What do you pick for these following choices?
1) a) Accept a $400 gain or b) Take a 50% chance to gain $1000, 50% of losing nothing
2) a) Accept a $400 loss or b) Take a 50% chance to lose $1000, 50% of losing nothing
Most people would answer A and B respectively, albeit B and A are the more economically efficient choices. For the first scenario, the expected value of the gain of B is $500, which that the gamble over the long run has a payoff of $500. For the second scenario, the sure loss of $400 is hard to bear so most would take the gamble to avoid losing anything. However, economically speaking it’s a loser of a bet relative to option A, losing on average $100 more over the long run. However, A and B feel a lot better due to how people normally approach gains and losses. Specifically, that losses are much more painful and that people become more risk-seeking to avoid them.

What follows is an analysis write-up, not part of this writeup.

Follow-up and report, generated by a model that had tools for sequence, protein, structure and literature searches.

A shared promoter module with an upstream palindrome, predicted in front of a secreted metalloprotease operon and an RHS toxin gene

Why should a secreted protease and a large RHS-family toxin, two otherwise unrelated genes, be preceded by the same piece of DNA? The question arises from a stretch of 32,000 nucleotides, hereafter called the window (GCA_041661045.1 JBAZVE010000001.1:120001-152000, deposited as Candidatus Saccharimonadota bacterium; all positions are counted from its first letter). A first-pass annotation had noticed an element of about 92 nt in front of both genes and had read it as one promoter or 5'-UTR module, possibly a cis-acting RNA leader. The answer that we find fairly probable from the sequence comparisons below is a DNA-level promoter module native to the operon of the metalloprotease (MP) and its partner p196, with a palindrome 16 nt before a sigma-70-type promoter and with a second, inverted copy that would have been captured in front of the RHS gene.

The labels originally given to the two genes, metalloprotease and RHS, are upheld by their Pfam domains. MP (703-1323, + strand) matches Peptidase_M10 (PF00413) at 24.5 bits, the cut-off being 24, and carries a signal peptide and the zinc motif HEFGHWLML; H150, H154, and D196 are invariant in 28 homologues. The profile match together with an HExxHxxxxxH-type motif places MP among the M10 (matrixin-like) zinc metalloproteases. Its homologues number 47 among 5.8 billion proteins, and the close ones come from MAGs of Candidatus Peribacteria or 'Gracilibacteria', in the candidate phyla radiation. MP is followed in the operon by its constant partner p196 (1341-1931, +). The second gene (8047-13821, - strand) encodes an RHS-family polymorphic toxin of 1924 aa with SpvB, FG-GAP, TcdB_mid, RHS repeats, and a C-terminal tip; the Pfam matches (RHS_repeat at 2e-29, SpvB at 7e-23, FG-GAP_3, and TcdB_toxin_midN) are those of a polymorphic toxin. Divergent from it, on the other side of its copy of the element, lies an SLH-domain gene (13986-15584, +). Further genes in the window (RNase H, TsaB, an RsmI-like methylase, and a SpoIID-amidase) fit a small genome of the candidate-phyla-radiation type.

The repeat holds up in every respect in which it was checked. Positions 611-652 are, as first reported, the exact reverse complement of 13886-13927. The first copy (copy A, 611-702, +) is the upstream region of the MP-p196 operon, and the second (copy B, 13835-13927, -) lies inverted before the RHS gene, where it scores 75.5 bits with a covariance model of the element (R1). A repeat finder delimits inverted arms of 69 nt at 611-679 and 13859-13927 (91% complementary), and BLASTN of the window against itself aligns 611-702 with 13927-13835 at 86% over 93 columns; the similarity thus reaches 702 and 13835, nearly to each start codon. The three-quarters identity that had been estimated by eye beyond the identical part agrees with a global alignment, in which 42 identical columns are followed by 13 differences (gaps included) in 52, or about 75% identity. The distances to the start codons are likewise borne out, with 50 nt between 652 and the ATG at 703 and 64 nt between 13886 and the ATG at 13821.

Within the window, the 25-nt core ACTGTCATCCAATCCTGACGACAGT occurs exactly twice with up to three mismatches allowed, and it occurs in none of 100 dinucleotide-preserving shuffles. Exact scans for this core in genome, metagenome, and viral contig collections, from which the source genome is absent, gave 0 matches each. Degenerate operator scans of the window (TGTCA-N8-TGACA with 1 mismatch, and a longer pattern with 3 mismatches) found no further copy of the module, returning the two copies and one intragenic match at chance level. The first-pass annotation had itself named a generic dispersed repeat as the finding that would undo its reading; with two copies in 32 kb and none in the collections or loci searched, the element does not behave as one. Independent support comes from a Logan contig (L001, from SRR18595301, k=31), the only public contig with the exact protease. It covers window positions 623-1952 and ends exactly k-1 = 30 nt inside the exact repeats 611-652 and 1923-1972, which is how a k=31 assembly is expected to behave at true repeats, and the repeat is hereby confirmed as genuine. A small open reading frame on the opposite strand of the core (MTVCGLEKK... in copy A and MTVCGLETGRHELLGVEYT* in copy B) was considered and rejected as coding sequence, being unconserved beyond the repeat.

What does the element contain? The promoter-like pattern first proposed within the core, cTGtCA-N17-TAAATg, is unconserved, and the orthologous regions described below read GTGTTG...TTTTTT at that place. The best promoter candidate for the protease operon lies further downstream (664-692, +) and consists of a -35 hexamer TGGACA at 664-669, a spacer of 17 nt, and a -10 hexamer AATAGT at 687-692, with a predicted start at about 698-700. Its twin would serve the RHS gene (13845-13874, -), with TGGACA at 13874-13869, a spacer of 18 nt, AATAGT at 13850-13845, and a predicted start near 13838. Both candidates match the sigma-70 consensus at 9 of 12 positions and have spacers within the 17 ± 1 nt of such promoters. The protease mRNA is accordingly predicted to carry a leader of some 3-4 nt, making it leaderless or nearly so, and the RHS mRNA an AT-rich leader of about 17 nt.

Daniel Kahneman and Amos Tversky pioneered this economic concept in their “Prospect Theory”. The most important idea here is that losses are felt asymmetrically to gains. In finance, where it has been demonstrated that for most people it takes 2.5 dollars to emotionally compensate for a 1 dollar loss. There are plenty of anecdotes that further reinforce the point such as the folk expression not to,”Throw good money after bad.” Or “Sunk-cost fallacy.” Or the stories of bankers committing suicide during Black Tuesday of ’29 when they saw their net worth shrink.
While loss aversion is easiest to test using money, it permeates all aspects of human nature, even soaring. If we are exposed to the possibility of a loss, we will do our absolute darndest to avoid it. Sports teams that are behind in the fourth quarter work harder than they did in the first quarter. And unfortunately, pilots who are looking at the possibility of unexpectedly landing in a field will do everything they can do avoid it, to the point that they may risk bodily harm to do so.